I’ve filmed these swallows from the first day they were born, all of 18 days ago.
But now its about time they left.
They’ve been getting the hurry up call from mom and dad the last few days.
And today they were flitting in and out of the nest, having a little fly onto the nearby rafters.
Won’t be long now.
Update: I walked up early this morning.
Goodbye you lovely pluckies.
Hope you make it to Africa.
Filming & Vid: Ian Nisbet
A whole colony of sparrows appear to have decamped into the back garden over the last month or so.
As many as 20 were counted bouncing about last week. Jumping in and off the feeders, the birdtable, the waterbowl, the apple tree, the palm tree, the willow, the ivy, the gate, the fence, the pond, the wisteria. Just about everywhere choka wiv sparra.
Fighting one another to get on the fatballs.
A squabble of sparras would be an apt collective noun for these cheeky chirpers.
UPDATE: And now it appears there’s a sparra nest in the wisteria. Haze found a tiny tipped out dead chick on the ground today.
An increase of 20 to 30 to 40 is not out of the question.
Question is: How many sparras can a little back garden take?
Filming: Hazel Brown; Vid: Ian Nisbet
The swallow chicks up at the ruined church are at least 2 weeks old now.
Two chicks had already made it out of the nest and were sat on to the ajoining rafters.
The other 3 chicks were all fluffed up and good to go.
And maybe they would have gone but for the sound of blaring bagpipes bunging up their earoles.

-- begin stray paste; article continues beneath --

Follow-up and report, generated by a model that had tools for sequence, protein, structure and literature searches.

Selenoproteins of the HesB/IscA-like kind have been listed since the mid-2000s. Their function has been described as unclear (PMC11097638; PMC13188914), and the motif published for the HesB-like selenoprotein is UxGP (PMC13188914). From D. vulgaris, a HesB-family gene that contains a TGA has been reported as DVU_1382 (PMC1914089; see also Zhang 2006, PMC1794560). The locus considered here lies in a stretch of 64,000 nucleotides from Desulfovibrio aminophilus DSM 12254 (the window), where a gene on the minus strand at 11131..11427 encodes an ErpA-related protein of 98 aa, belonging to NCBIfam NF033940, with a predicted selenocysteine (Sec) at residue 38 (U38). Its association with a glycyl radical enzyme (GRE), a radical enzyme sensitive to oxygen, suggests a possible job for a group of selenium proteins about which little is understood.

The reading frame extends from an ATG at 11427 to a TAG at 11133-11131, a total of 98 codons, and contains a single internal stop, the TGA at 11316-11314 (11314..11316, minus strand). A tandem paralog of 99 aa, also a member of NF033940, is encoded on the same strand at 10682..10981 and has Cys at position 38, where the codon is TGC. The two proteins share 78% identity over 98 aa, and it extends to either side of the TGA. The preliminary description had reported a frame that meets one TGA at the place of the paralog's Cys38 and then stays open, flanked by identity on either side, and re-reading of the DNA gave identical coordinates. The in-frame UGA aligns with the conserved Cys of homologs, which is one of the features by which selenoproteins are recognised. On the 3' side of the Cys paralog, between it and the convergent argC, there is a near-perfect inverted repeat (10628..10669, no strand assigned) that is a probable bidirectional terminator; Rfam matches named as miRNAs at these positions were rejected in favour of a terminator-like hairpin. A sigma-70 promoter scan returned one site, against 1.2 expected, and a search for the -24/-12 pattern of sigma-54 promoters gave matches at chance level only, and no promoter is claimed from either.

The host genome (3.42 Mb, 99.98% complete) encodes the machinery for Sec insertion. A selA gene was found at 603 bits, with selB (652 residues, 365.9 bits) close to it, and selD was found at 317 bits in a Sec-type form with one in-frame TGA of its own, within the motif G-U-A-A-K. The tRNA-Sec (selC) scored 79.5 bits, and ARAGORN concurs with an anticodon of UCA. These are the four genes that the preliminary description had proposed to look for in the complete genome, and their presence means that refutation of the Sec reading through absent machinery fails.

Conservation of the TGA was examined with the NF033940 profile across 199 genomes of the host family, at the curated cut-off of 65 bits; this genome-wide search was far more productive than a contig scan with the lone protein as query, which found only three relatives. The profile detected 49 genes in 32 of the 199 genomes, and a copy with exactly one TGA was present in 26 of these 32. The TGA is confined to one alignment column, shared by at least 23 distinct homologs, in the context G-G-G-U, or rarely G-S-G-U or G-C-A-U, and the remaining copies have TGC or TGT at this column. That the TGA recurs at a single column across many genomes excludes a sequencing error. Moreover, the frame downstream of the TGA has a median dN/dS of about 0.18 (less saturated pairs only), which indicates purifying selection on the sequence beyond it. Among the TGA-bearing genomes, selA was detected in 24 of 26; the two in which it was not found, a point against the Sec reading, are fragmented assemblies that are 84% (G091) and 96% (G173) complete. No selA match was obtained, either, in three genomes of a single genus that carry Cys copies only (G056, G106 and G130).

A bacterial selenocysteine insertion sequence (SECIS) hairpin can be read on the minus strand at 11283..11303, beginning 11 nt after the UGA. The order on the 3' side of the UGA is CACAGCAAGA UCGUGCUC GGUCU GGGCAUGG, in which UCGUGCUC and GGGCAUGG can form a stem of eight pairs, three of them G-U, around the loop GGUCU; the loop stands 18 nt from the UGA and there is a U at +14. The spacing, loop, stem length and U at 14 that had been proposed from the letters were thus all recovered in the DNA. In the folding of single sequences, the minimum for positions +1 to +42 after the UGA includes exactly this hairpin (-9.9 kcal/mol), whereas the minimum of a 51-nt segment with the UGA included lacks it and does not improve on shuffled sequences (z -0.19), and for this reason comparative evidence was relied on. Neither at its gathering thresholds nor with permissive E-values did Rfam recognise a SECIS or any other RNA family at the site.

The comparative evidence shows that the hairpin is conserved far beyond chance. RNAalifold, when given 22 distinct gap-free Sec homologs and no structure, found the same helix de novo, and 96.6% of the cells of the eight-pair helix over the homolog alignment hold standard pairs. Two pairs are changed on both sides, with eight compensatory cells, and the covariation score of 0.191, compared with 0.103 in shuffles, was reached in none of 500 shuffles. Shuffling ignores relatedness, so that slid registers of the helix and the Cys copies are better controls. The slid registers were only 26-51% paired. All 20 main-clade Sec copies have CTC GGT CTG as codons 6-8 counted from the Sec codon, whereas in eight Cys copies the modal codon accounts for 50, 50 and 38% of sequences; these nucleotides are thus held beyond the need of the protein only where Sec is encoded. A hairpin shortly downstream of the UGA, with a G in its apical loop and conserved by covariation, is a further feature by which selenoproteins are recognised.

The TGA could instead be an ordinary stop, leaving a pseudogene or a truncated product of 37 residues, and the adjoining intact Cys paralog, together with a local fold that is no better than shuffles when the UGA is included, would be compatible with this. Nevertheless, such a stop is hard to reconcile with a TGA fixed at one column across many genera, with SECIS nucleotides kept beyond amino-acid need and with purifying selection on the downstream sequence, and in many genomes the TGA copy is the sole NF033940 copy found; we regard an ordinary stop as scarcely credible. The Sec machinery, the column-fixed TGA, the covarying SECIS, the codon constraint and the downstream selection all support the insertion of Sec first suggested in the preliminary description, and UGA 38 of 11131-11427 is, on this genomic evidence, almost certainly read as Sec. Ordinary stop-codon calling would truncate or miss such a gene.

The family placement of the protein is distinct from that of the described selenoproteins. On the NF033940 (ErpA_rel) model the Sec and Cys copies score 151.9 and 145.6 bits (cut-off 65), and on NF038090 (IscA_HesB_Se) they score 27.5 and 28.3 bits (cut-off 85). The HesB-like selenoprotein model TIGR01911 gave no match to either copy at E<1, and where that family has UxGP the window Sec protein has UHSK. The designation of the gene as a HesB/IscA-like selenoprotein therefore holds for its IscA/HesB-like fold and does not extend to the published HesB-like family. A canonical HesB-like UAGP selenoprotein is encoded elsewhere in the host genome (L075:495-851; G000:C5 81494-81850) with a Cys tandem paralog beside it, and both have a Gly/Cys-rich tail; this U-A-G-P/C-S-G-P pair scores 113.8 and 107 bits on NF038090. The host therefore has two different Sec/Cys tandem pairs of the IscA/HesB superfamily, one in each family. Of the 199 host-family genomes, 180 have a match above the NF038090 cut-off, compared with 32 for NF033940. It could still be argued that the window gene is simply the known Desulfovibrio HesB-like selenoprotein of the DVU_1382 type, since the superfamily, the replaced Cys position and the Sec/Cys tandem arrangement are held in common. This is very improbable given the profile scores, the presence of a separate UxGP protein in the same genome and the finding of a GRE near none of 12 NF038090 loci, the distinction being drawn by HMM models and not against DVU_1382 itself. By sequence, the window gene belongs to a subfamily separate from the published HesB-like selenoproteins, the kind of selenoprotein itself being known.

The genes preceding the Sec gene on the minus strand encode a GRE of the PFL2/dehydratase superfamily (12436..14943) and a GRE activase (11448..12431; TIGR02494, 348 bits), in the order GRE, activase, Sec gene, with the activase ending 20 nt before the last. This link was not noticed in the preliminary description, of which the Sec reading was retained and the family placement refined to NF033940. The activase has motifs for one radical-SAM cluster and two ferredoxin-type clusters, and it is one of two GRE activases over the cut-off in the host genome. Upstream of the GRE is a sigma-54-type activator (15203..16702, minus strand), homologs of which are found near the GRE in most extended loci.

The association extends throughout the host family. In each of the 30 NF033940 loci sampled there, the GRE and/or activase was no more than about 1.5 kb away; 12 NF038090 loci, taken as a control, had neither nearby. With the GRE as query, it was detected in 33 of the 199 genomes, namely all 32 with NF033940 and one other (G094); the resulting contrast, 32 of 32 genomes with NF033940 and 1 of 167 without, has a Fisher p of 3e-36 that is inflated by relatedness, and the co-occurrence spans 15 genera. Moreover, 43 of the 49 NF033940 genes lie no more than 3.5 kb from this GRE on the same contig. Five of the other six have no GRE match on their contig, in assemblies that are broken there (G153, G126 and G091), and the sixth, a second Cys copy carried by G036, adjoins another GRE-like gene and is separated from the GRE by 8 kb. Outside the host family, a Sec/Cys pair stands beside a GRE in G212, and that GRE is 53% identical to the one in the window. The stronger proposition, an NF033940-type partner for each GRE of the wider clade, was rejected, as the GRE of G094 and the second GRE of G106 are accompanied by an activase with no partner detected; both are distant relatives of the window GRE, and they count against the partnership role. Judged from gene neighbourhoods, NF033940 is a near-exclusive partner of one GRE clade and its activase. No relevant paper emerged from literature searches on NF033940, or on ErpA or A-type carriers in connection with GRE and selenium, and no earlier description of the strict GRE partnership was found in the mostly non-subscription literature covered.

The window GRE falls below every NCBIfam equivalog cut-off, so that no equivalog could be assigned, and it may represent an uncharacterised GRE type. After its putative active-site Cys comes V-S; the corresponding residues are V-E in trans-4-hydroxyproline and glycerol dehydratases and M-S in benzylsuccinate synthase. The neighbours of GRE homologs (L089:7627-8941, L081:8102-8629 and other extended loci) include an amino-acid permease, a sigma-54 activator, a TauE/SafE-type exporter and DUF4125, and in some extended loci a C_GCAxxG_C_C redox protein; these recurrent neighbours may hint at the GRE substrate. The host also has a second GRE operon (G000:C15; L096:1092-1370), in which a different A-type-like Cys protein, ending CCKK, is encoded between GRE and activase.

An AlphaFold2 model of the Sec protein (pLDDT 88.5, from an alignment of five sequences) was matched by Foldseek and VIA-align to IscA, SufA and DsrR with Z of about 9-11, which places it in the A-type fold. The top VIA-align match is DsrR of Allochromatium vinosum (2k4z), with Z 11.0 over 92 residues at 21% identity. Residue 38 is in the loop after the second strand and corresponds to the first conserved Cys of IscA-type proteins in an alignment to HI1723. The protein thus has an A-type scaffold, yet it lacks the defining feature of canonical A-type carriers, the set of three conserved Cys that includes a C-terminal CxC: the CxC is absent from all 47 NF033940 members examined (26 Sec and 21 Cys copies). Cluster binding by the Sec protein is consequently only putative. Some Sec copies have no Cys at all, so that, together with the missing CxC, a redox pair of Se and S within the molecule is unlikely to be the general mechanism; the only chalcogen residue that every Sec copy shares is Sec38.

They were shrinking back into the nest wondering what the hell was going on.
Anyway, all 5 chicks (where’s No 6?) may well have flown their nests tomorrow.
I might nip up early morning to see if they’ve gone.
Filming,Vid & Words: Ian Nisbet
The 5 common butterflies are: Cabbage White, Comma, Meadow Brown, Speckled Wood, Red Admiral.
And one very uncommon (to me) Hummingbird Hawkmoth. A first ever sighting (and therefore filming)
Must be the heat (waves) we’re having this summer thats making such exotic sounding creatures blow in to urban back gardens.
This one was humming – or hovering – over the buddleia for about one minute.
That’s all the look we got.
Thats all the look we needed.
To feel astonished, amazed.
Vid & Words: Ian Nisbet
The swallow chicks up at the ruined church are now about 10 days old.
Still with those white yappery zipped mushes.
But with wings becoming more visible, prominent.
They’re distinctly more swallow-like than muppet-like now.
By the end of this week they may well have fledged the nest. Hopefully the 3 you see in this vid, and the 3 in the other nest, will have made it up into air where they truly belong.
Filming & Vid: Ian Nisbet
Up at the entrance to the ruined church on the hill last Sunday I found a pair of swallows nests.
I’ve been up several times since to see the (7) chicks first week of life.
I’ve mostly watched the nest nearest the front porch that was most visible and filmable. On my last visit one chick had fallen out of this nest (or was knocked out) and lay splat on the flagstones underneath.
The 2 sets of parents were swallow-diving in just about every minute with insects caught on the wing.
First time I’ve ever filmed swallows. First time I’ve ever filmed chicks of any bird in a nest being fed. Enthralling.
Words & Vid: Ian Nisbet
A walk to Ela Woods this afternoon.
Six stoical horses bunched up against the fence seeking shade from sun and biting flies.
Stood there static, lethargic, morose.
Having to take it, bear it, endure it.
But having me around poking my camera up their nostrils seemed to cheer them up a bit.
Words, Walk, & Vid: Ian Nisbet